The land Act that came earlier had some serious provisions not exactly conducive to industry. It was almost like a company purchasing land would have a lifelong responsibility for the people selling it. In the past few years, there have also been instances where land was not handed to industry by the government even after sale.

(Ravi Uppal is MD & CEO, Jindal Steel and Power)
PPP model needs revival: Aniruddha Ganguly

Patience, passion and perseverance are GMR’s ‘PPP’ for getting into public-private partnerships (PPPs).

PPPs have mostly failed in the past six or seven years. Since the Union Budget, I have not heard of the 3P India project — for which Rs 500 crore had been proposed — to support to PPP projects. We don’t know what happened to that project.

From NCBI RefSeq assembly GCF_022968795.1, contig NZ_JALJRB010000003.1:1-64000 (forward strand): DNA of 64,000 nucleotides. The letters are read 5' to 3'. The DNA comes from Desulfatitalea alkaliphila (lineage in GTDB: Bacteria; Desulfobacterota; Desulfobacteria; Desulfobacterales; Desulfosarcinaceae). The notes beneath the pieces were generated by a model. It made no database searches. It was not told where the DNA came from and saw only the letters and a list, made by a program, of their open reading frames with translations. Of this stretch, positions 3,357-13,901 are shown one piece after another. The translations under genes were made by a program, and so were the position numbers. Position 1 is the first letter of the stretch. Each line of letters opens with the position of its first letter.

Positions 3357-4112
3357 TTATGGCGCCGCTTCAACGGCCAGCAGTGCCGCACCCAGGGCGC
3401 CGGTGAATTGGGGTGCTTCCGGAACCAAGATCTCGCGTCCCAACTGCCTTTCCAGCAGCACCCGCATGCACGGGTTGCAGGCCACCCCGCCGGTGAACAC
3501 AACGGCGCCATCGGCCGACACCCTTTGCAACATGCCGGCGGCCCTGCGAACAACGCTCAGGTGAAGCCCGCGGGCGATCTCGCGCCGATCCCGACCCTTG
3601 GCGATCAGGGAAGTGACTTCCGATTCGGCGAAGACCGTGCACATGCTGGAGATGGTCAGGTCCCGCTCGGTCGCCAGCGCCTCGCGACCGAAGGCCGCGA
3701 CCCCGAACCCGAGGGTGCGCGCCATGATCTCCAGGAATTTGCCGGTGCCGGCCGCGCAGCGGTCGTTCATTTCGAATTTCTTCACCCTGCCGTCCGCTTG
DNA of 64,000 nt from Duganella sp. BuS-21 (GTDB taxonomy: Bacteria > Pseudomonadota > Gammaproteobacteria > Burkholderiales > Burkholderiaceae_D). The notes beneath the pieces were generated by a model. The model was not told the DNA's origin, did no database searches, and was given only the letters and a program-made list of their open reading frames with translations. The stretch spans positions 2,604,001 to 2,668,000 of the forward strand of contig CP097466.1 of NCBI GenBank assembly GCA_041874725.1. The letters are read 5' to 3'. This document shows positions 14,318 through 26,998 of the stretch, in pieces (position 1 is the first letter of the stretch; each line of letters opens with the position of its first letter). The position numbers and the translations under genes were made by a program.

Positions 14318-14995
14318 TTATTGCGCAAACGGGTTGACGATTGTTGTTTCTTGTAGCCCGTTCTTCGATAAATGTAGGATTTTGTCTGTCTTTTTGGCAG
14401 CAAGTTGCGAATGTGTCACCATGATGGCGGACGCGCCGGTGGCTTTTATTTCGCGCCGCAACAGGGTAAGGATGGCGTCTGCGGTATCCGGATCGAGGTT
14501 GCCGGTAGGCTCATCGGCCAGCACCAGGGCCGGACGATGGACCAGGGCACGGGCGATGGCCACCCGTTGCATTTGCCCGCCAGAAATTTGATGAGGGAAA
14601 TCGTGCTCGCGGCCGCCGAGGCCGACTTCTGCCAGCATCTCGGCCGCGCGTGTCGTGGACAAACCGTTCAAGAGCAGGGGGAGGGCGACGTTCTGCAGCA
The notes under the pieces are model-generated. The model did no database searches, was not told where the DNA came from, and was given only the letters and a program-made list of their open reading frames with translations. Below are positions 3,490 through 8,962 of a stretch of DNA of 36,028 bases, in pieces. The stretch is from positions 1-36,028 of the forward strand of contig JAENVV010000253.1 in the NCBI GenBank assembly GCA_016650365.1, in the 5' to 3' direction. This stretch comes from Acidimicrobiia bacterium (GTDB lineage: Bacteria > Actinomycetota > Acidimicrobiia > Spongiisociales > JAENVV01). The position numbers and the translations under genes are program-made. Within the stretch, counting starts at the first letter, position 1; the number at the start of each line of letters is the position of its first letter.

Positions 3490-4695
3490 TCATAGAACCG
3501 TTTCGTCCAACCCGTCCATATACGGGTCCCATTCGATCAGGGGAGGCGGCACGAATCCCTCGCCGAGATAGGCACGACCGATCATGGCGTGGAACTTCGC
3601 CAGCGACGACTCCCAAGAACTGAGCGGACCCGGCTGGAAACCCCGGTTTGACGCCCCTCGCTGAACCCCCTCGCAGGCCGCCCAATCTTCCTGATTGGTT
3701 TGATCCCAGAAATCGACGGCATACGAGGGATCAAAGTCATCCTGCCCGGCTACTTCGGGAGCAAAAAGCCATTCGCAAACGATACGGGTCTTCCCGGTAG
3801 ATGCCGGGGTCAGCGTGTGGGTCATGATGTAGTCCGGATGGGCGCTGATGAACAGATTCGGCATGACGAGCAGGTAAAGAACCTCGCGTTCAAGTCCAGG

Civil society needs to reconcile with the fact that land will be needed for industrialisation. The government needs to identify land parcels for infrastructure projects and offer those for industrial development.

We have talked abroad about pension funds, but even they (foreign players) are sceptical due to the retrospective tax regime here. The retro tax regime in India is still confusing, and there is a logjam over GST (goods & services tax) as well.

The government needs to learn to let go. It is, for example, running out of excuses to run an airline; dilution of a two to five per cent stake is a joke.

(Aniruddha Ganguly is president for strategy & development at GMR Energy)
Private players face more land acquisition hurdles than public-sector ones: Rathin Basu

Land is a political enabler for the infrastructure sector. Since 2013, there has been a failure in the process for land acquisition by developers. Though land remains a critical issue, the positive part is that we have a strong political leadership.

We might not have eight-nine per cent economic growth until the land acquisition process is made smooth.